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Managing the SDDC as Code

What is the Software Defined Data Center (SDDC)?


Software defined infrastructure is becoming the norm, and with this new capability comes the need to build and support all infrastructure as reusable software components. This is the heart and soul of the Software-Defined Data Center (SDDC). When infrastructure is defined by software, it becomes possible to centrally manage all of the data center configuration information. With all of the data in software, the SDDC as a whole can now function like an application. As a result, it becomes necessary to manage a SDDC as you would any other code development project in your organization.

This blog is the first in a series of articles which will cover the evolution of the SDDC in greater detail, as we seek to help you implement new best practices to manage your new cloud-based data center. We’ll look at all of the aspects in the deployment of an SDDC, along with the processes which are necessary to control the software implementation and support.


The Evolution of the Data Center


Today, the data center is evolving to become more fluid than ever before. Configurations are no longer fixed for any period of time. The promises of cloud computing bring with it the side effect of an explosion of infrastructure configurations.


On the best day, it was hard enough to get an accurate picture of the hardware infrastructure. Cloud computing amplifies the configuration issue a hundred fold. Keeping this beast under control is now a serious task that would be impossible without best practices and the automation tools to make the job manageable. The good news is that when the data center is viewed as code, it then becomes possible to borrow the same best practices that have evolved over the last two decades for your application development teams. The SDDC can now follow a software development lifecycle.


Develop, Test, THEN Deploy


You are already be familiar with the concept of development, test and production environments. In a software defined world of infrastructure, these system states take

on new importance, as the vast amount of configuration information can quickly overwhelm even the most skilled human administrator. Updates to infrastructure elements are now easier than ever, but so is the danger of making changes with unintended consequences. Therefore it is critical to follow a protocol of always implementing changes first to a development environment, then moving them to a test environment, and finally to production. Configurations can now be unit tested automatically to ensure that a change in one component doesn’t break things in other areas of the system.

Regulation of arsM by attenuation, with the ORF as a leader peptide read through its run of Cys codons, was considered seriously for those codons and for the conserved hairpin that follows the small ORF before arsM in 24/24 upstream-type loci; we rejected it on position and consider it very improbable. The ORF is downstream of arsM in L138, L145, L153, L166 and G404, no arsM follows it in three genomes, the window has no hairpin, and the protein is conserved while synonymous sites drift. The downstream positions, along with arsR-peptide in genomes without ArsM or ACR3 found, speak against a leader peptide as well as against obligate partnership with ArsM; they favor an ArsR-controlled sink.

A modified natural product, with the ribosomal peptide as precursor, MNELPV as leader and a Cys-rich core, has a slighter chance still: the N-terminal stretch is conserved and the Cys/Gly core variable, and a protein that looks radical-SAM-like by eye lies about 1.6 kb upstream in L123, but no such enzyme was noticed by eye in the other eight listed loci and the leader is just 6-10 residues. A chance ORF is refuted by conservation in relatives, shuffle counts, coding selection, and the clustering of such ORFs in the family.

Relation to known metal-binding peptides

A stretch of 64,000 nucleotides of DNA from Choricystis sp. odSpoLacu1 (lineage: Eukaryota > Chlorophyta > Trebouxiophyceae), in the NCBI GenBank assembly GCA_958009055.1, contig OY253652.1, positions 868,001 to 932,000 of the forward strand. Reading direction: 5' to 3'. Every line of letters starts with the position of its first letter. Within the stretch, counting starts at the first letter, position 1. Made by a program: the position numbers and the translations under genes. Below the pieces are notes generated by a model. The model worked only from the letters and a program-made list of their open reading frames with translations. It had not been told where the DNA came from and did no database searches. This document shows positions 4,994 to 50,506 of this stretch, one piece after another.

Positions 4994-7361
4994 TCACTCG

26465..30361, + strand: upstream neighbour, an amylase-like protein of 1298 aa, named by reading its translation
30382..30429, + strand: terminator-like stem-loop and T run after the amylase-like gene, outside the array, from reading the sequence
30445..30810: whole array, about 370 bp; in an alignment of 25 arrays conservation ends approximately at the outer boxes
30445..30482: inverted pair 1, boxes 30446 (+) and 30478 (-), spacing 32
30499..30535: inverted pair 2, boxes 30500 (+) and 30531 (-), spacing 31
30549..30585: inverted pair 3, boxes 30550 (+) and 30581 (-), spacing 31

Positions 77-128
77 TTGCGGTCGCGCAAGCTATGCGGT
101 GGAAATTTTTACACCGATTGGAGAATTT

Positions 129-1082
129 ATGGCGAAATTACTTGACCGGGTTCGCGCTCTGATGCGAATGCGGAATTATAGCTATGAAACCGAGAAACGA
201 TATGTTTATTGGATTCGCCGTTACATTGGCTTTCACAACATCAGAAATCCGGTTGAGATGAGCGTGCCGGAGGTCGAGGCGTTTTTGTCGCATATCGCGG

In addition to adopting the right process, it’s equally important that you adopt the right toolset. You need to combine tools like source control systems, automated testing, repository management, and release pipeline automation, so that you have all of the functionality necessary to automate SDDC content lifecycle management.


Best Practices for Developing Code


As with the app dev team, there are some best practices that are worth adopting. They include:

  • Model your infrastructure as reusable templates
  • Model your infrastructure and change process with testing in mind
  • Always make changes at the source, not in Production
  • Version everything
  • Audit everything


The Journey Starts Here


At VMware, our vision is to help customers manage the changes that will emerge with a Software Defined Data Center. As the leader in cloud computing tools, VMware wants to ensure that the move to cloud computing is a successful endeavor and enables customers to realize the agility and opportunity that cloud computing can bring to their business.


Learn more


About this blog series

In the coming weeks we’ll discuss all of the elements that are necessary to manage your data center. In the next article, we’ll explore infrastructure as code, looking at the developers’ point of view. Then, we’ll take a step back and look at managing the entire SDDC as a software application. Using the methodologies and best practices of code developers, we’ll see what aspects apply to the data center. This requires a new way of approaching the development, testing and release of changes. After that, we’ll look in depth at how you can manage vRealize content as code, using VMware solutions to track and manage all of the components. The VMware vRealize team will share their secrets and best practices for leveraging an approach like this to manage the development of vRealize Automation. In this article, you’ll hear first-hand from the development team about the critical role that vRealize plays in supporting their job.

In the final two articles, we’ll explore how VMware supports all of the dev teams in setting up and managing development sandbox’s with Project CAVA and we’ll look at some other customers who share their success stories with moving to a software defined data center approach.




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